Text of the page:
First stop: Value Village.  Sadly, Goodwill was closed so I was stuck paying the inflated prices of the Big Box store.  Our mission was to find a pair of yellow or brown pants.  Apparently he found two different pictures; in one the Mooger was sporting yellow pants, and in another shot he was wearing brown.  So he wanted to find one or the other or preferably both.  Like we really needed two pants, but I figured I’d cross that road when we came to it.

We get in the store and the first glaring problem is trying to keep Bailey nearby while we peruse the aisles and aisles of mismatched pants.  She is so excited by all the toys that her already poor listening skills have gone the way of the 8-track.  The second big problem is finding a pair of yellow pants.  Hayden excitedly runs up holding a pair of yellow pants, oblivious to the fact that they are made for a 12 month old.  I explain to him that they won’t fit and in typical Hayden style, he dramatically whines and wails like the world is ending.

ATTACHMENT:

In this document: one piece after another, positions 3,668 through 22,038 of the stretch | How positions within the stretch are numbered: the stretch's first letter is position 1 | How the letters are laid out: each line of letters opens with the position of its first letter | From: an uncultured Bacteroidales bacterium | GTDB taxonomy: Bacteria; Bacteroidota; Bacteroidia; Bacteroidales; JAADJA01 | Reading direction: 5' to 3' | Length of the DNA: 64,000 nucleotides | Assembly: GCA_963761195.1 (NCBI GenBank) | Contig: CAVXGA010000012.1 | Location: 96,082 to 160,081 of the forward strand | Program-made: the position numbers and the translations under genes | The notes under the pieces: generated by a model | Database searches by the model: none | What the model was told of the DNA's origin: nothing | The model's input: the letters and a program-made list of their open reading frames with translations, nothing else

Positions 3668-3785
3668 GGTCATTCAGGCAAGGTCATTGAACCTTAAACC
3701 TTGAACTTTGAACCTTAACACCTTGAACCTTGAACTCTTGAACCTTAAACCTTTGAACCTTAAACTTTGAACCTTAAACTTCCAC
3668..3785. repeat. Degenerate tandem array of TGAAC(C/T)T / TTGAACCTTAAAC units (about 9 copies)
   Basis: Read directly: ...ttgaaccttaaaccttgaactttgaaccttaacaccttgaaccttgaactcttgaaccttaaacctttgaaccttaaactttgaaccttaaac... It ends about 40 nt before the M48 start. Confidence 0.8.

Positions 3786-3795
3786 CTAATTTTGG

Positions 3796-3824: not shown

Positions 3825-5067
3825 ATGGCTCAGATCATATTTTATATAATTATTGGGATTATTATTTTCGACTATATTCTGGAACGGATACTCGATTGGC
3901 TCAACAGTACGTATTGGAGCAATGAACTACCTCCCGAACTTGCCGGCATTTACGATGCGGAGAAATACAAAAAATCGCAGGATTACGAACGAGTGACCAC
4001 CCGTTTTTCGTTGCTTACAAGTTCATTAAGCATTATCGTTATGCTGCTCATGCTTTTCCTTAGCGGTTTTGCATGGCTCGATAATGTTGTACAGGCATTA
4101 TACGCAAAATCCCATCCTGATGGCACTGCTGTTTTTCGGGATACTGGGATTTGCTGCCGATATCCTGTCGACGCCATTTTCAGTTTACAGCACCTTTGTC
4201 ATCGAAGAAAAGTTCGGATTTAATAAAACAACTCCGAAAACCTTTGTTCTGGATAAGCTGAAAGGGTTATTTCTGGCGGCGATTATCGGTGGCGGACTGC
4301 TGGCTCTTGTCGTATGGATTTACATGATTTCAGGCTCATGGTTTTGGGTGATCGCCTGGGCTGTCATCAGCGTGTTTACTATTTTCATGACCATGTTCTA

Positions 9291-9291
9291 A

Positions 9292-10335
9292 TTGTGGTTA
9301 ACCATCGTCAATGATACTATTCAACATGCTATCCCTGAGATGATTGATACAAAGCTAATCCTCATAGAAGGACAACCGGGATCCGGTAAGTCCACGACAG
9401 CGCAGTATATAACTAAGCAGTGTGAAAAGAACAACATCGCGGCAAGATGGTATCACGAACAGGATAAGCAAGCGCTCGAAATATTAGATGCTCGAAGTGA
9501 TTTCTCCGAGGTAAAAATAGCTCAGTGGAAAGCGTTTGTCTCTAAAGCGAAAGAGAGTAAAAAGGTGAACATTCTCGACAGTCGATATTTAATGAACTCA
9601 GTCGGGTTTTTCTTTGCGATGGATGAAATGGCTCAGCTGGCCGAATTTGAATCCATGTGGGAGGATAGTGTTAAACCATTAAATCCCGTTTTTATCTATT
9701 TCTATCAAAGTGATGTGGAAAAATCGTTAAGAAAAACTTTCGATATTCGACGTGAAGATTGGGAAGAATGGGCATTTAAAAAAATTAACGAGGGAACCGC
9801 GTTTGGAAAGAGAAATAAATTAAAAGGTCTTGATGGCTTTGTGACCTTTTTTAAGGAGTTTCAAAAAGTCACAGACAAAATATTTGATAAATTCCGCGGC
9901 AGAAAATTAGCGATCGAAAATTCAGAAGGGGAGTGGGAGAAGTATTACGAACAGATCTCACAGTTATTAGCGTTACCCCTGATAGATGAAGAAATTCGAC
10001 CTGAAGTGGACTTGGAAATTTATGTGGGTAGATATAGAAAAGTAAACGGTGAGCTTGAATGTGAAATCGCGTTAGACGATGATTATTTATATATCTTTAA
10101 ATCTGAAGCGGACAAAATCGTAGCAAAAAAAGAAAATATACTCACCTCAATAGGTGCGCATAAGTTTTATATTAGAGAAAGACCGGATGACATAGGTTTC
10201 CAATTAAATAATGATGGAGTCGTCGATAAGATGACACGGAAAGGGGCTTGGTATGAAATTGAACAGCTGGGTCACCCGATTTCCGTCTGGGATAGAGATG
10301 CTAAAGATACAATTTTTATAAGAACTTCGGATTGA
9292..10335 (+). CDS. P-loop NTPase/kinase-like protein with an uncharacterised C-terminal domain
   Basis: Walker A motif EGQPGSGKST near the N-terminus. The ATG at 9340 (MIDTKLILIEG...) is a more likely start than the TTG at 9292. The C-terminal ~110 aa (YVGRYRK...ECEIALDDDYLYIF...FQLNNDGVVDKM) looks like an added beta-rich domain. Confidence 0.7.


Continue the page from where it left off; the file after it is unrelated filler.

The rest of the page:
We manage to find brown pants that meet his approval, but so much for finding just one or the other; he is bound and determined to find yellow pants.  I remind him that we weren’t necessarily going to get both, but he is so insistent on wanting yellow pants over brown that we go on a wild goose chase throughout the store.  Not a pant is to be found, however, and Hayden is bummed.